Trygghet som handelsvara Privat folkförsäkring i det framväxande välfärdssamhället 1900–1950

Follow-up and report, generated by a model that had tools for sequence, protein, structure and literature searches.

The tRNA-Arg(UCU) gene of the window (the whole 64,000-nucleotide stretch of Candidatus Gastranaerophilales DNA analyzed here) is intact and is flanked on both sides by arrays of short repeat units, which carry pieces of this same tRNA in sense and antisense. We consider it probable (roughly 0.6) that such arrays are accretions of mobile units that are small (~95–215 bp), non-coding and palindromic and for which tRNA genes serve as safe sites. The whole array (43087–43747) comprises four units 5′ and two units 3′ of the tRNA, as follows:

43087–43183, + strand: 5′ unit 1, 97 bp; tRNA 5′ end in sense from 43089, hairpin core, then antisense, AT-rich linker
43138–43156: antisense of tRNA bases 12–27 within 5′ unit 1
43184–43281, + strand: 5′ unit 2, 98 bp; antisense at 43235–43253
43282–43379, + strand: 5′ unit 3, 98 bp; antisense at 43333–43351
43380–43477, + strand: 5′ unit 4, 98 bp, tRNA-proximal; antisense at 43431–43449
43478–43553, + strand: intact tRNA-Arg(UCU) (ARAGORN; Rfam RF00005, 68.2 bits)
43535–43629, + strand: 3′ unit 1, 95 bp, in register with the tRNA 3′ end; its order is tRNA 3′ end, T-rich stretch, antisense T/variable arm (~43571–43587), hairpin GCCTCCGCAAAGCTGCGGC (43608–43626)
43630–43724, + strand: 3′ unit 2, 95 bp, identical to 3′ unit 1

Sammanfattning: Industrial Life Insurance (ILI) was introduced in Sweden in the beginning of the 1900s. Following models already used in the United Kingdom and the United States, this insurance was specifically aimed at manual labourers, promising pension savings and compensation to surviving relatives. The insurance was an immediate success, with almost three million insurance policies in force by the mid-1900s. ILI was characterised by extensive and carefully monitored marketing practices. By managing an army of agents, the companies sold policies and collected premiums on a regular basis in the homes of the insured.The purpose of the dissertation is to analyse the development of a commercial business with social policy aspirations, and how it interacted with other social security institutions. How could ILI thrive in the emerging Swedish welfare state that, according to existing research, allowed little space for market-based welfare alternatives? The dissertation also seeks to contribute to a broader understanding of the contemporary “welfare market” in Sweden today.From a perspective of welfare formation as a social process, the emergence and expansion of ILI is interpreted as a phenomenon that has shaped, and been shaped by, the social policy arena. The insurance industry’s capacity to adapt to the changing ambitions of the state in this arena is emphasised. Furthermore, its leading representatives’ ability to continuously locate the role of life insurance in the shifting landscape of social policy is underlined. By locating welfare in separate but complementary public and private spheres, the industry contributed to the shaping of the compulsory pension scheme introduced in 1913 and the overall regulation of insurance in the mid-twentieth century. The social security of Swedish citizens was now to be ensured according to the vision of complementary spheres that the insurance industry had advocated for almost fifty years.The insurance companies’ commercial activities are analysed as a form of governmentality, where the agency system is scrutinized as an interventionist practice that created a long lasting relationship between the companies and the working classes. The dissertation shows how the industrialists’ role as “insurance experts” was used to influence public policies. As public figures and experts on various committees, representatives of the industry advocated a welfare formation that left ample space for their own business interests. The scientisation of security was also essential in creating a product where social aspirations and commercial logics could be united.The success of ILI thus rested on the interaction with the state apparatus. An arena of social policy was established where commercial companies were to be the supplier of all welfare above the level of “meagre basic security”. Through intense marketing measures, commercial actors influenced the perceptions of security and welfare. The process of welfare formation led to the internalisation of commercial ideals about social security that now constitutes an essential dimension of the Swedish welfare state.
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